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Oral Bacteriotherapy in Patients With COVID-19: A Retrospective Cohort Study.
Ceccarelli, Giancarlo; Borrazzo, Cristian; Pinacchio, Claudia; Santinelli, Letizia; Innocenti, Giuseppe Pietro; Cavallari, Eugenio Nelson; Celani, Luigi; Marazzato, Massimiliano; Alessandri, Francesco; Ruberto, Franco; Pugliese, Francesco; Venditti, Mario; Mastroianni, Claudio M; d'Ettorre, Gabriella.
  • Ceccarelli G; Department of Public Health and Infectious Diseases, Sapienza University of Rome, Rome, Italy.
  • Borrazzo C; Azienda Ospedaliero-Universitaria Policlinico Umberto I, Rome, Italy.
  • Pinacchio C; Department of Public Health and Infectious Diseases, Sapienza University of Rome, Rome, Italy.
  • Santinelli L; Azienda Ospedaliero-Universitaria Policlinico Umberto I, Rome, Italy.
  • Innocenti GP; Medical Statistics Unit, Department of Public Health and Infectious Diseases, Sapienza University of Rome, Rome, Italy.
  • Cavallari EN; Department of Public Health and Infectious Diseases, Sapienza University of Rome, Rome, Italy.
  • Celani L; Department of Public Health and Infectious Diseases, Sapienza University of Rome, Rome, Italy.
  • Marazzato M; Department of Public Health and Infectious Diseases, Sapienza University of Rome, Rome, Italy.
  • Alessandri F; Department of Public Health and Infectious Diseases, Sapienza University of Rome, Rome, Italy.
  • Ruberto F; Azienda Ospedaliero-Universitaria Policlinico Umberto I, Rome, Italy.
  • Pugliese F; Department of Public Health and Infectious Diseases, Sapienza University of Rome, Rome, Italy.
  • Venditti M; Azienda Ospedaliero-Universitaria Policlinico Umberto I, Rome, Italy.
  • Mastroianni CM; Department of Public Health and Infectious Diseases, Sapienza University of Rome, Rome, Italy.
  • d'Ettorre G; Department of Anaesthesia and Intensive Care, Sapienza University of Rome, Rome, Italy.
Front Nutr ; 7: 613928, 2020.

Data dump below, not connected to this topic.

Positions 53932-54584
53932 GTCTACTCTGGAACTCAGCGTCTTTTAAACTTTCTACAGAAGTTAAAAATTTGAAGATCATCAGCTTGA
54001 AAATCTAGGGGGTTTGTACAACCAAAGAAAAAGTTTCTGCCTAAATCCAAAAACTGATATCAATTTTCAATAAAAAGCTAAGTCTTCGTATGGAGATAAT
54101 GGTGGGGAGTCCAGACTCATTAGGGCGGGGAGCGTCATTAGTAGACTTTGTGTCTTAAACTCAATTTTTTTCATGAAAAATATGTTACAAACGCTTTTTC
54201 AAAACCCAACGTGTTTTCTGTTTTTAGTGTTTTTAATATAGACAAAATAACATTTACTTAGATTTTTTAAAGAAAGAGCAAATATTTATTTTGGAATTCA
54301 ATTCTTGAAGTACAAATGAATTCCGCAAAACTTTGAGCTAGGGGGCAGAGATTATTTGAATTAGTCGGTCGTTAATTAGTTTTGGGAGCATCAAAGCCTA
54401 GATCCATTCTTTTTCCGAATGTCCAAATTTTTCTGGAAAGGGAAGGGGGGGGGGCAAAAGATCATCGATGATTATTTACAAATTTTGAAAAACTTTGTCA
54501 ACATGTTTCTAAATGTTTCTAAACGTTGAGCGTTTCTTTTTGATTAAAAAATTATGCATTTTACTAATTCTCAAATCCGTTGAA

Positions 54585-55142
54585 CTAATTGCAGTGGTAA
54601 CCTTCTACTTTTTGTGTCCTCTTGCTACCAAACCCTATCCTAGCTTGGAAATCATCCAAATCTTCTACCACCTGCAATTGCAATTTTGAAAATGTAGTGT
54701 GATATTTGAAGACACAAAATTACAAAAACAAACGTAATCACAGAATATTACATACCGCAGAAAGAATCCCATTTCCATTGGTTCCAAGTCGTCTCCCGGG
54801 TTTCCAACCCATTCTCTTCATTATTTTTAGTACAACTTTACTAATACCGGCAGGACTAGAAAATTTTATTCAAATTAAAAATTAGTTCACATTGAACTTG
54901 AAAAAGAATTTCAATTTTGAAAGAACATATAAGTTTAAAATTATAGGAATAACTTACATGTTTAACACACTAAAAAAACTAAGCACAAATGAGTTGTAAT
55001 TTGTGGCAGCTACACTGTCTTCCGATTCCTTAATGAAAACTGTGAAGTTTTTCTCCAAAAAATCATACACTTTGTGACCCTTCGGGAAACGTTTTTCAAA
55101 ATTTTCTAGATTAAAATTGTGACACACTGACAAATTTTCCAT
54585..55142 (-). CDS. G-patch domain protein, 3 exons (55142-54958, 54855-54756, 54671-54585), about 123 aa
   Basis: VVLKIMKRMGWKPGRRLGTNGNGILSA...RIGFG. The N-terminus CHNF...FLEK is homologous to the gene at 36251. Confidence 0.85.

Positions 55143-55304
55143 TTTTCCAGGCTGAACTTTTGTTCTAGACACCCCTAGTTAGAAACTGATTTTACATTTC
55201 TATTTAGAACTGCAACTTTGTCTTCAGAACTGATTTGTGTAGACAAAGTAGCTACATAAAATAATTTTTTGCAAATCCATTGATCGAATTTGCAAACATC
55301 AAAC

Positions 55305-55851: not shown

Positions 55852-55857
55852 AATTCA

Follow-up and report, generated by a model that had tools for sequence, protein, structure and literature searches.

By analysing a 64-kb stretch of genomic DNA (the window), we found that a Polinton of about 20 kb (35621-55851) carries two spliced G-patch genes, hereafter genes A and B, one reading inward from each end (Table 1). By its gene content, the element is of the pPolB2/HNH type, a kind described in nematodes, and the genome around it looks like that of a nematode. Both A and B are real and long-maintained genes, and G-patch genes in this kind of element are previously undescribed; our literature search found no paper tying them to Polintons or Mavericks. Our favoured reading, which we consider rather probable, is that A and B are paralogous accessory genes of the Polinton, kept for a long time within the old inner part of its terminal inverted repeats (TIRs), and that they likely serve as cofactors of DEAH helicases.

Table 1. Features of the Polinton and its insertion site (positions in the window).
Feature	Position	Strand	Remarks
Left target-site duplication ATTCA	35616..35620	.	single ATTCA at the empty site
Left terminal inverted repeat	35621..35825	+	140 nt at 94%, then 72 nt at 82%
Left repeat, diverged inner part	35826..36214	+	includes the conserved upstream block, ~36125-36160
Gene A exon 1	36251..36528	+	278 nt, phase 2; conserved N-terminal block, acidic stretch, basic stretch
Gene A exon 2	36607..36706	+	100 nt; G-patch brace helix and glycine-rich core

Article in English | MEDLINE | ID: covidwho-1052491
Semantic information from SemMedBD (by NLM)
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Subject
COVID-19
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PROCESS_OF
Object
Patients
2. Epithelial Cells PART_OF Intestines
Subject
Epithelial Cells
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PART_OF
Object
Intestines
3. IMPACT gene INTERACTS_WITH Epithelial Cells
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IMPACT gene
Predicate
INTERACTS_WITH
Object
Epithelial Cells
4. COVID-19 AFFECTS Patients
Subject
COVID-19
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AFFECTS
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Patients
5. Hospitalization TREATS Pneumonia caused by SARS-CoV-2
Subject
Hospitalization
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TREATS
Object
Pneumonia caused by SARS-CoV-2
6. Pneumonia caused by SARS-CoV-2 PROCESS_OF Patients
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Pneumonia caused by SARS-CoV-2
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PROCESS_OF
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Patients
7. Hospitalization TREATS Patients
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Hospitalization
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TREATS
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Patients
8. Pneumonia caused by SARS-CoV-2 PROCESS_OF Adult
Subject
Pneumonia caused by SARS-CoV-2
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PROCESS_OF
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Adult
9. Therapeutic regimen ADMINISTERED_TO Patients
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Therapeutic regimen
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ADMINISTERED_TO
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Patients